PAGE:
A just-for-fun survey suggests that three out of every 10 Americans have thought about going to Mars, and almost half of them have thought about it more seriously after the presidential election.
The breakdown suggests that men give more thought to Mars trips than women, and that Millennials are more on board with the idea than baby boomers. Overall, 44 percent of the 1,024 survey respondents said they’re more likely to want to travel to Mars in the wake of last month’s election.
So who would they want to leave behind? Actually, President-elect Donald Trump was the most popular candidate on the survey’s list: He was chosen by 46 percent of those surveyed, with Kanye West, Kim Kardashian and Hillary Clinton close behind. (To be fair, the respondents could select more than one celebrity to drop off.)
There was also a list of potential traveling companions. Actress Jennifer Lawrence, who stars as a space traveler in the newly released movie “Passengers,” scored the highest overall. Twenty-two percent said they’d want to have her along for the ride. And as you’d expect, that figure was heavily skewed toward men. Oprah Winfrey was the favorite on the list for women (22 percent). George Clooney took second place on the ladies’ list with 21 percent.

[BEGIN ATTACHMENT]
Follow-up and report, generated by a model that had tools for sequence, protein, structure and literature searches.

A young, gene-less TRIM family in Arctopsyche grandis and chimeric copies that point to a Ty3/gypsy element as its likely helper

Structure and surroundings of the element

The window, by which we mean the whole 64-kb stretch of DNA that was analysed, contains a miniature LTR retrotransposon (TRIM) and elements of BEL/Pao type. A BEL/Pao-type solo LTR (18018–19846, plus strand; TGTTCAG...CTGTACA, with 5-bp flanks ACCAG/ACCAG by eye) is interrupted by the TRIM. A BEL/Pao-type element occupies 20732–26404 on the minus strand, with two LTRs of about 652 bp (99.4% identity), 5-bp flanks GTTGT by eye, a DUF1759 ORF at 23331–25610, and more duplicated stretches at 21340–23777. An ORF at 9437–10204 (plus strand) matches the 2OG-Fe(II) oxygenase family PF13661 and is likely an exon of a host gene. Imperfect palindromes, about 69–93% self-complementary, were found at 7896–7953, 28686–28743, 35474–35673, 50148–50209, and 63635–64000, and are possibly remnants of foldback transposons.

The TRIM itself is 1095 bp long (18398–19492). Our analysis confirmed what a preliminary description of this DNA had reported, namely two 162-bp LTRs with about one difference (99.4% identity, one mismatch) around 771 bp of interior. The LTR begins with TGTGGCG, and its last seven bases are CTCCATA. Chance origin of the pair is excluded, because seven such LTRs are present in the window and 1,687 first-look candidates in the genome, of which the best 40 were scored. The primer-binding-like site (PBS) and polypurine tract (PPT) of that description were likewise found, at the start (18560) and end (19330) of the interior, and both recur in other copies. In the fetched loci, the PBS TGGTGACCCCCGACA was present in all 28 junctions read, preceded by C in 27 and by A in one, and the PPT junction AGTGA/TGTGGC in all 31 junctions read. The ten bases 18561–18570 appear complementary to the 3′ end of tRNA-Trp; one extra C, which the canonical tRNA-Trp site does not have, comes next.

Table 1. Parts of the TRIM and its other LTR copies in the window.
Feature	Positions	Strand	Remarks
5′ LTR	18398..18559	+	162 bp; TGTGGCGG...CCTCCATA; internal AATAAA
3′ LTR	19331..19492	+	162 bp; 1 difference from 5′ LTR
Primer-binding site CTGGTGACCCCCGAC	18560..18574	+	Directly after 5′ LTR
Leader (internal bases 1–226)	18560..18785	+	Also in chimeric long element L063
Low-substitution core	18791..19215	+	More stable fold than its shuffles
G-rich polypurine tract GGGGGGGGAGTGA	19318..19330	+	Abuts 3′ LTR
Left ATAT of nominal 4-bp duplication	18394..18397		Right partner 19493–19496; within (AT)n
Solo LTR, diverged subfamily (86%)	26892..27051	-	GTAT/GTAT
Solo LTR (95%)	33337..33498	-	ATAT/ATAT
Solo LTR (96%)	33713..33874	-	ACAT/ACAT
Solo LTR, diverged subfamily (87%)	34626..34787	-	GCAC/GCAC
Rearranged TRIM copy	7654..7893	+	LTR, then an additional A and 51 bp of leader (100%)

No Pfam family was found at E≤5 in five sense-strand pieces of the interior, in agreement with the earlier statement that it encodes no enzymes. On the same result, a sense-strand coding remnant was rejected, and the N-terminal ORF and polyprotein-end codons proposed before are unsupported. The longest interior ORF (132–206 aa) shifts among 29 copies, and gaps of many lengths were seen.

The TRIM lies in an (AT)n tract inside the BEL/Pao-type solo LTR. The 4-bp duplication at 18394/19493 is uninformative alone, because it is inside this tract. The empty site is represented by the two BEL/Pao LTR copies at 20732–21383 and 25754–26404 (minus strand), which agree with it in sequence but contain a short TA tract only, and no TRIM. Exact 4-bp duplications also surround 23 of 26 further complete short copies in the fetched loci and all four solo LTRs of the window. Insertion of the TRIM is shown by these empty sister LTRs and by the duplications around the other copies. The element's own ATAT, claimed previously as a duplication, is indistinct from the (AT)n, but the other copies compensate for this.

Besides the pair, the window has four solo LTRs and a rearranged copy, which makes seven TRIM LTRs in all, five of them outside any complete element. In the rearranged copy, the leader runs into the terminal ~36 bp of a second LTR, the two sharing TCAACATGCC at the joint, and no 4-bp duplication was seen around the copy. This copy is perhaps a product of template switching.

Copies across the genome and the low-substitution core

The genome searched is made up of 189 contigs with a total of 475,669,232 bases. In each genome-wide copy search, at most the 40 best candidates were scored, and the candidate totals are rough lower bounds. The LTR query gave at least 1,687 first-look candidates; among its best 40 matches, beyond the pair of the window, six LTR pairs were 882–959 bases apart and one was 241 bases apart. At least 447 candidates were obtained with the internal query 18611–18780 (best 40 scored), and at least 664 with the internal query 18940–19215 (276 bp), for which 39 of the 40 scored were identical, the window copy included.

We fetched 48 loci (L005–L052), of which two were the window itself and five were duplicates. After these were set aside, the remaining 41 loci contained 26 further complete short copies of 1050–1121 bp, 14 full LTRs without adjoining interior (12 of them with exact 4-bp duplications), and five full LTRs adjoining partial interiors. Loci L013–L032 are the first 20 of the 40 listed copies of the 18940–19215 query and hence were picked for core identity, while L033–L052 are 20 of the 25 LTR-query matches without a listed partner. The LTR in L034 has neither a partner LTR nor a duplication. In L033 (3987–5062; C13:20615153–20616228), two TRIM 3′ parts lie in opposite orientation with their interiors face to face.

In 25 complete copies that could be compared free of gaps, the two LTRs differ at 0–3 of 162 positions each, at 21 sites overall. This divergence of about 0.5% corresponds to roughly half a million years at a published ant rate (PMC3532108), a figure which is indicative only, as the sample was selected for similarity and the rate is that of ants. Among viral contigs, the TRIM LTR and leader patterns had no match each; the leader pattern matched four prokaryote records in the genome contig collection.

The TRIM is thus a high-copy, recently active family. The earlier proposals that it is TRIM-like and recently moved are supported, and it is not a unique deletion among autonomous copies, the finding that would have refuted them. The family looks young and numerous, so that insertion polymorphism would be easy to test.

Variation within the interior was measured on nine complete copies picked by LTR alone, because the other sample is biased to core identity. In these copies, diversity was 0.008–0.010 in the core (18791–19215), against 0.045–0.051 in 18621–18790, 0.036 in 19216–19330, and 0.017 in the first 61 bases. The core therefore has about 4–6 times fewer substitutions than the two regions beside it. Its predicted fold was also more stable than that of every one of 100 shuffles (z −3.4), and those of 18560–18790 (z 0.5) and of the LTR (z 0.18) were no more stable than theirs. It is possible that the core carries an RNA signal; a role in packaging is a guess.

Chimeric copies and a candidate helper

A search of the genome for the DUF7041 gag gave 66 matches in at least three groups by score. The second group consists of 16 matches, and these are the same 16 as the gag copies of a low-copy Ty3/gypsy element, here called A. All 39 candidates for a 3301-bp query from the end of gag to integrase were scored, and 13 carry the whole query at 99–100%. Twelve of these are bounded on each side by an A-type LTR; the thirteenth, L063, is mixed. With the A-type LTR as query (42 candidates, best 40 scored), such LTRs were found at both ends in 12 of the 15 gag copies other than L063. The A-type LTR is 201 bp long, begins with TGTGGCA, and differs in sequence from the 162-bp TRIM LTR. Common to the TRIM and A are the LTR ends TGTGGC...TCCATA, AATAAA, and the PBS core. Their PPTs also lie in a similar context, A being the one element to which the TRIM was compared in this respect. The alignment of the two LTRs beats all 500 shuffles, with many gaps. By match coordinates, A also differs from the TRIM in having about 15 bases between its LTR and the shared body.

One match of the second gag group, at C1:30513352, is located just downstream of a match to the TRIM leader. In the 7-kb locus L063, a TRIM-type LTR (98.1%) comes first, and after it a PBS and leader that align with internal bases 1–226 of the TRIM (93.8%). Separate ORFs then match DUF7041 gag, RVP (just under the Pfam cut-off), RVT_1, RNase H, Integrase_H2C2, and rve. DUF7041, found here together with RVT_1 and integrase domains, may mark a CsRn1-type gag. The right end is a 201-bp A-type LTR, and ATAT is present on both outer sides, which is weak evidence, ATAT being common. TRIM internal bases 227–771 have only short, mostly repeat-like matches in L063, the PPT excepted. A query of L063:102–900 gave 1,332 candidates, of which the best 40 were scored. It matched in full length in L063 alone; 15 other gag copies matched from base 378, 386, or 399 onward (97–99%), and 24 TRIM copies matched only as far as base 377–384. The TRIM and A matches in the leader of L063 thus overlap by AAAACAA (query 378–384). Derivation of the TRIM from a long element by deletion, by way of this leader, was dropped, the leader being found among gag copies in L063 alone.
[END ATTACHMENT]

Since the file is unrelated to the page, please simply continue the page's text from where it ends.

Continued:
Here are a few other factoids from the survey:
- Top theme song for a Mars trip: “Rocket Man” by Elton John (44 percent).
- Top snacks to bring along: Twinkies (30 percent), closely followed by Mars Bars (29 percent).
- Favorite sci-fi films for the trip: Star Wars (48 percent) beat out Star Trek (36 percent).
- What would you miss the most about Earth? 51 percent said they’d miss their families the most. Fifteen percent went with running water and hot showers.
- Which Star Wars character would you like to see at the controls? Han Solo (44 percent) was favored over Luke Skywalker (31 percent). Jar Jar Binks got 4 percent of the vote. Who are those people??
Kelton Global was commissioned by National Geographic to sample 1,024 Americans over the age of 18, resulting in responses with a margin of error of plus or minus 3.1 percent. The survey was conducted between Dec. 1 and 4, and used an email invitation and online survey. Quotas were set to ensure a reliable representation of the U.S. population.